Well, we know that ACL injuries will occur most often in what we call "agility" sports. This fact is even more true when we look at our young female high school athletes.
Unfortunately, an ACL tear can be a major setback the health and well-being of the young athlete.
However, as I am prone to point out, advances in medicine have made it possible for us to all but rule out the phrase "career-ending". This is great news for our high school athletes who are looking to play their sport of choice of a long time at a high level, both competitively and later on in life recreationally.
(Note: the primary reference for this article is a 2013 study comparing ACL injury statistics in High School Athletes. This is reflected in the fact that the sport of skiing doesn't rank high on the list, despite being a regular offender when it comes to ACL tears. I'll cover that topic at the end.)
"Hoops" is one of the most popular sports in the world, and for good reason. It's exciting, fast-paced, has lots of scoring. Basketball seems tailor made for the modern sports audience, which is one of the reason it continues to grow exponentially. Additionally, it's a game that can be played at a highly competitive level, or just for fun on the local playground with few people.
Basketball is also a game that is highly dependent on the act of jumping. And with all that jumping comes landing. And all that jumping and landing doesn't always go perfectly, as we know from watching some of our favorite NBA stars go down to ACL Injuries.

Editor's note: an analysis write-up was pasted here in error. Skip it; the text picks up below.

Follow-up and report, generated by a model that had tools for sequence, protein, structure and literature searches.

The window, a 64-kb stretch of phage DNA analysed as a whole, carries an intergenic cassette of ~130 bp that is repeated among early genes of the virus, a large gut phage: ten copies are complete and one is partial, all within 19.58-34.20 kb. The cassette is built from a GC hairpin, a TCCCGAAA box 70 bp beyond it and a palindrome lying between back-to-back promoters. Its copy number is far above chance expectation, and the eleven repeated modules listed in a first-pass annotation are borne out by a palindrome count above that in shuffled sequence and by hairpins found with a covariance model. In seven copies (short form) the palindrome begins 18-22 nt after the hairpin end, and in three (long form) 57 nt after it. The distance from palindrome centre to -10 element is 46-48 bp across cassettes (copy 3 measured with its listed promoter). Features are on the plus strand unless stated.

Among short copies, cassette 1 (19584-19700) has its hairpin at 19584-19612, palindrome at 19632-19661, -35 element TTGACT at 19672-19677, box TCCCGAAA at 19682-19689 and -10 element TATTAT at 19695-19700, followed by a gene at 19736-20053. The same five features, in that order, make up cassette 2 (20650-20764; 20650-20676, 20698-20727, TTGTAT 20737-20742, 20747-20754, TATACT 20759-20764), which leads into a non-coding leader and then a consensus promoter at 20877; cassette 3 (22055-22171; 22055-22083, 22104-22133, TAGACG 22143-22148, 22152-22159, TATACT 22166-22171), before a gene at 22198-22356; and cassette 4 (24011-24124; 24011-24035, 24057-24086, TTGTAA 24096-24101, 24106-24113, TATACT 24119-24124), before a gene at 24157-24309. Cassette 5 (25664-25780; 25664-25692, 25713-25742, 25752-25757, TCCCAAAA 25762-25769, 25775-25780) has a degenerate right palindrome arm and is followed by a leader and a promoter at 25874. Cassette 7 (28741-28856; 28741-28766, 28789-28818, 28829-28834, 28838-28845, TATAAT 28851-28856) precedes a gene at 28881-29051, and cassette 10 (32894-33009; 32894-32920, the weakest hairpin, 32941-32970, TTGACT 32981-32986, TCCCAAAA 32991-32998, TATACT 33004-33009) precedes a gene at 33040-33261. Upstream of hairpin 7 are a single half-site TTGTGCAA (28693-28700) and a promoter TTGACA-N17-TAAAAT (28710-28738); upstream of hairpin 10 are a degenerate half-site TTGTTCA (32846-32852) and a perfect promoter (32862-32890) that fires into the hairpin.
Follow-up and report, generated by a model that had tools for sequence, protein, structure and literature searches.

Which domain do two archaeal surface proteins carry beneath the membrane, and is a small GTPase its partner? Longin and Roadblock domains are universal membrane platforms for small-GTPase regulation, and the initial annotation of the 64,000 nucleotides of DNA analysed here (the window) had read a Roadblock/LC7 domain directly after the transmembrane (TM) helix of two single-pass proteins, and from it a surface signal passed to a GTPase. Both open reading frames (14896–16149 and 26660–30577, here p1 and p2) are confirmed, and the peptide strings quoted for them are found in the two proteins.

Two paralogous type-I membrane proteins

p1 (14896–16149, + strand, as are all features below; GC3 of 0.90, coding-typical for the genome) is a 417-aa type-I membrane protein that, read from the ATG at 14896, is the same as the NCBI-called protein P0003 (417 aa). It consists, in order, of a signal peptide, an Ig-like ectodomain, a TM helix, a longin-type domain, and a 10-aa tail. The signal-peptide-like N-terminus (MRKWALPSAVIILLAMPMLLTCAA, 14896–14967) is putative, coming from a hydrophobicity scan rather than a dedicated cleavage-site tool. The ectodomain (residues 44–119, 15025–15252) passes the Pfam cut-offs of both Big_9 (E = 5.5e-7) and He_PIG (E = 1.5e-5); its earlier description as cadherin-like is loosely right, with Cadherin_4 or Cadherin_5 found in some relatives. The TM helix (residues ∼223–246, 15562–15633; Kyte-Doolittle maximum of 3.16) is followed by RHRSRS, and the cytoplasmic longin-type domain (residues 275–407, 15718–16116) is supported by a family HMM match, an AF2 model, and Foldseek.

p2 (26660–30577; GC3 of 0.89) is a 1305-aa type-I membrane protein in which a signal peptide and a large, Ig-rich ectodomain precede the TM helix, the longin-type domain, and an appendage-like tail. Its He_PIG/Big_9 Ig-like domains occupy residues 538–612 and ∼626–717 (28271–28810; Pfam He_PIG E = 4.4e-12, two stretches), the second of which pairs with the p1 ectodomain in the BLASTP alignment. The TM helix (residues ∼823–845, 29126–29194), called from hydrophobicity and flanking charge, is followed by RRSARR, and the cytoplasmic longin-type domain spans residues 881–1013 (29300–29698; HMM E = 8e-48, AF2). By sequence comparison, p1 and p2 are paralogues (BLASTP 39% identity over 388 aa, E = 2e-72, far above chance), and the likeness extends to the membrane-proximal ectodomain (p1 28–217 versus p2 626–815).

According to the 2013 Study referenced earlier, entitled "A Multi-sport Epidemiologic Comparison of Anterior Cruciate Ligament Injuries in High School Athletics", we see the following stats:
About 26.5% of ACL injuries to female high school athletes occurred on the basketball court. However, only around 5% occurred in males in basketball.
Here we see an example of a wide disparity between females and males when it comes to the rate of ACL tears.
It's also interesting to note that of those basketball-related ACL injuries, a far higher rate occurred during competition, not during practice situations.
Ah, the world's most popular sport! And it continues to grow in popularity here in the USA as we get to see more and more coverage on our major sports networks. Who would have thought that we would see our young athletes supporting such "local" English teams such as Manchester City and West Ham United a few years ago? Soccer has definitely taken off at a huge rate in the states.
Unfortunately for those young athletes who are enjoying this exciting pastime on a competitive level, high school soccer is one of the top offenders when it comes to ACL tears. Here are the stats from the aforementioned study.
Softball & Volleyball (Women)
Softball 11.4%, Volleyball 8.8%
Clearly softball is a high school sport exclusively played by women (the guys play baseball), and it's also high on our list of high school sports that see a high rate of ACL Tears in young ladies. And volleyball is a sport that continues to rise in popularity, featuring some of our top young female athletes. Here are the stats on ACL injuries in volleyball and softball:
Which Sport Has the Most ACL Tears?
Guys = Football. Clearly this doesn't effect the ladies, as there just aren't many playing competitive football.
Ladies = Soccer
Just by taking a look at the stats we see a couple of obvious things that stand out from an observational standpoint.
For a WAY more in-depth look at this topic, please visit the study that was the source of our statistics, here.
Clearly, skiing isn't a major factor as far as pure percentages when it comes to competitive high school sports. Most high schools don't even have a competitive ski team.
However, in the world I live in (and that's the world of high-level alpine ski racing), ACL tears are a frequent occurrence. These racers are pushing their knees to the limit, and ACL tears are almost part of the game. Not to mention all of the weekend warriors who are out there in the mountains shredding the gnar and tear up their knees.
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